• Getting there — By Air: Bologna international airport supports scheduled flights from most major European cities. By train or road: Bologna is easily accessible from all other Italian major cities. High speed trains connect the center of the city to Rome, Florence, Milan or Venice in approximately two hours. There are also direct high speed train connections between Bologna and Berlin, Amsterdam, Paris and Vienna. The A1 highway efficiently connect the city with Florence and Milan.
  • Getting Around — The center of Bologna is best explored on foot, following its amazing network of porticoes.  To visit further afield, the city’s bus network is extensive and efficient.
  • Visiting —  The Asinelli Tower, Piazza di Porta, Ravegnana, Bologna, is open daily.  Closed on December 25th. Opening hours vary with the seasons. Consult their  Official Website  for exact times and advanced bookings (required). The Palazzo della Archiginnasio,  Piazza Galvani 1, Bologna, is open year-round, Monday to Saturday from 9.00 am to 7.00 pm, Sunday and holidays from 10:00 am to 2:00 pm. The Anatomical Theatre is open year-round, Monday to Friday from 10.00 am to 6:00 pm, Saturday from 10.00  to 7:00 pm, and Sunday and holidays from 10:00 am to 2:00 pm.


Location, location, location!


A Little Known Medieval Gem of the Piedmont  — Saluzzo

A Little Known Medieval Gem of the Piedmont — Saluzzo

In the Piedmont, the northwestern corner of Italy, the ancient hillside city of Saluzzo takes visitors along a maze of charming cobble streets, all the way back to the Middle Ages when it was the seat of the independent Marquisate of the same name. For centuries, specifically from 1125 to 1548, its dynasty of fourteen Marqueses were able to keep at bay the aggressive attentions of their much more powerful neighbors: the House of Savoy, the French monarchy and the Holy Roman Empire.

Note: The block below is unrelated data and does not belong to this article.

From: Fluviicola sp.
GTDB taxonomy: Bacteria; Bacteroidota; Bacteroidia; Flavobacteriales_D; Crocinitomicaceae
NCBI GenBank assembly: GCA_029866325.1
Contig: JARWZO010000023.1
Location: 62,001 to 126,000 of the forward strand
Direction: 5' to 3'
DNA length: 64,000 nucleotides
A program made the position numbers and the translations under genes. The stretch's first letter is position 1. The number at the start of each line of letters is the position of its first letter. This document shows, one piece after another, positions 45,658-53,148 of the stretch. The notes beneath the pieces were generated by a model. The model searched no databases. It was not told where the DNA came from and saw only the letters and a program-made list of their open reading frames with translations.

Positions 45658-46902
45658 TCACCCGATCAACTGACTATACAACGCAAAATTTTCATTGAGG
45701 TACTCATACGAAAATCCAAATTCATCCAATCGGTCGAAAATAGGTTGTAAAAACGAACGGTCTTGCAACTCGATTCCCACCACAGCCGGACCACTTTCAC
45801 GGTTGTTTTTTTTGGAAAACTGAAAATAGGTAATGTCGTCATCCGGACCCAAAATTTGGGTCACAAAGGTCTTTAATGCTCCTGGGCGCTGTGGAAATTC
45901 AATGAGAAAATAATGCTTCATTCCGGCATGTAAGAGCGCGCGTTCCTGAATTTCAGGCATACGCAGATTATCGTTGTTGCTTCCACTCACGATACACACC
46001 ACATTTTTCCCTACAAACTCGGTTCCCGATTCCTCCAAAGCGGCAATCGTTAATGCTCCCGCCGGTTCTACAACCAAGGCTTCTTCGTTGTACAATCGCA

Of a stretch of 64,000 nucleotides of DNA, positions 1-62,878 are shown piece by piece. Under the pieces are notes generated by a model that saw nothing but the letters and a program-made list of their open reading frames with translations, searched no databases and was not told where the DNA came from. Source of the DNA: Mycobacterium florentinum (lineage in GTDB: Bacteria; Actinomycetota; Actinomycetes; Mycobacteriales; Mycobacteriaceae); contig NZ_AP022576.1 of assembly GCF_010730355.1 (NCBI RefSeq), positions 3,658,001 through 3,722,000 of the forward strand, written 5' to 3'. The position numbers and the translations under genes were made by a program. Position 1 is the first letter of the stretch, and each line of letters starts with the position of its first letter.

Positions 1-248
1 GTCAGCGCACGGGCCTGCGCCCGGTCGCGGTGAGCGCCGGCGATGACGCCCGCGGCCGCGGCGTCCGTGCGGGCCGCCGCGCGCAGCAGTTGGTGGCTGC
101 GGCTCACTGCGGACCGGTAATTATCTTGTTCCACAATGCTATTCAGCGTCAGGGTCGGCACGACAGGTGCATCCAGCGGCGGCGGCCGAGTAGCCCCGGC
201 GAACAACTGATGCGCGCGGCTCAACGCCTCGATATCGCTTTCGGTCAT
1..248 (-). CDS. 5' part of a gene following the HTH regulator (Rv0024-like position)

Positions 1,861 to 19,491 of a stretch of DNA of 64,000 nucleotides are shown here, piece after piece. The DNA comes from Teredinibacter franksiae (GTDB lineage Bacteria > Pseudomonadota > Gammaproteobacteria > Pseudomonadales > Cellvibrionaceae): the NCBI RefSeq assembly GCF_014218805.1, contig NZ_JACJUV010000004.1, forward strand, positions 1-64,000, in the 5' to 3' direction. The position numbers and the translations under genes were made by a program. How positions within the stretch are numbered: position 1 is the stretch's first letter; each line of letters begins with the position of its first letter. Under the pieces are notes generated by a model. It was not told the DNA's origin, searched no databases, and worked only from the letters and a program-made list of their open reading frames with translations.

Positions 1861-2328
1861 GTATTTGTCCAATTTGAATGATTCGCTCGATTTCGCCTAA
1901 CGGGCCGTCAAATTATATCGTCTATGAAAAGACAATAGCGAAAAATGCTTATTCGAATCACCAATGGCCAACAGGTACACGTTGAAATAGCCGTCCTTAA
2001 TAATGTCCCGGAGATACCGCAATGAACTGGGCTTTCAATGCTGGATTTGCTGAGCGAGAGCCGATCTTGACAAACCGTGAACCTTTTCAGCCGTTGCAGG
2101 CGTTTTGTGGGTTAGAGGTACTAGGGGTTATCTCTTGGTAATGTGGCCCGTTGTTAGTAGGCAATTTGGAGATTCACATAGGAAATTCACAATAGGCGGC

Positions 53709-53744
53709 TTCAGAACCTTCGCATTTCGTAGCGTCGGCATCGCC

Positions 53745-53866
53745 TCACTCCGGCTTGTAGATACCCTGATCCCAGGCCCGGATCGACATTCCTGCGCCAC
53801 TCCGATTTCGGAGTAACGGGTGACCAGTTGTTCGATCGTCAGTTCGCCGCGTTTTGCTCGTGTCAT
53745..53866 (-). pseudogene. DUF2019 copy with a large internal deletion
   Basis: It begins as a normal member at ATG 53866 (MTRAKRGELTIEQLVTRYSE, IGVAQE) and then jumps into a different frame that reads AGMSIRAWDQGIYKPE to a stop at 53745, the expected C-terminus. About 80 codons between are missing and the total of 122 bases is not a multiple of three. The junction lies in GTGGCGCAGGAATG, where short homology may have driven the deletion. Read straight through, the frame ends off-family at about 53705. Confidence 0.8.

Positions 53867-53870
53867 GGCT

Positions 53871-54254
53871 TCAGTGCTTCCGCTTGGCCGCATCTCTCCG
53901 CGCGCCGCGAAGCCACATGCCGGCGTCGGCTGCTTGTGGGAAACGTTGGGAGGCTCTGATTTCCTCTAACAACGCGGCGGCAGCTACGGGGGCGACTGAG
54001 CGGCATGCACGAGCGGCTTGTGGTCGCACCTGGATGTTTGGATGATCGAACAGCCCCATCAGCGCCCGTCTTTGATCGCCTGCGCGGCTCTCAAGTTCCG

La Castiglia

La Castiglia di Saluzzo.

A military stronghold was required to support such a feat. Built between 1271 and 1286 behind the original city wall and dominating the entire town, the Castiglia di Saluzzo was originally equipped with four bastions, a moat and a drawbridge. However, in 1492,  Marquis Ludovico II (1438-1504) radically renovated the fortress upon the arrival of his French second wife, Marguerite de Foix-Candale (1473-1536). It’s not clear how much  the addition of a garden and the massive round tower rising above its ancient walls improved upon it. Suffice it to say that centuries later, the still foreboding castle served as a prison from 1825 to 1992. 

Today La Castiglia is home to the Museum of Chivalry and the Museum of Prison Memory, which commemorates the two main functions carried out by the building.

The Church of San Giovani

The Flamboyant Gothic interior of the Church of San Giovani.

Until the construction of the cathedral in the early 16th century, la Chiesa di San Giovani was the most important place of worship in the city. Built by the Dominicans in 1330 on the site of a chapel dedicated to Saint John since 1281, it was finally completed in 1504. Its sober exterior, including the square bell tower with five rows of mullioned windows and octagonal spire added in 1376, harmoniously integrates into the mediaeval context of the ancient city. Meanwhile the interior is a fine example of Flamboyant Gothic architecture. Among its most notable elements are the burial chapel of the Marquises, and especially the white marble monument of the Marquis Ludovico II (circa 1508) by French master Antoine Le Mortorier, and the monumental gilded wood tabernacle at the high altar (circa 1610).

The cloister of the Church of San Giovani.

In the adjoining cloister, commissioned in 1466 by Marquis Ludovico I, a terracotta stonework representing the Visitation is placed on the wall next to the entrance. The capitals of the gallery’s pillars feature the coates of arms of the most prominent families in Saluzzo. The cloister also houses the Cavassa Chapel, with the funeral monument of the General Administrator of the Marquisate, Galeazzo Cavassa (1483) and some well preserved frescoes.

Casa Cavassa

The Renaissance loggia of features Grisaille frescoes.

For all the medieval charm of Saluzzo, the city’s undisputed gem is Casa Cavassa, the Renaissance-style mansion that was the residence of Caleazzo Cavassa and his son Francesco, both General Administrators of the Marqueses of Saluzzo. While traces of a medieval building can be found in the basements and in three ogive windows of the facade, Francesco completely redesigned the property in the early 16th century, in the early Renaissance-style that was becoming prevalent in Northern Italy.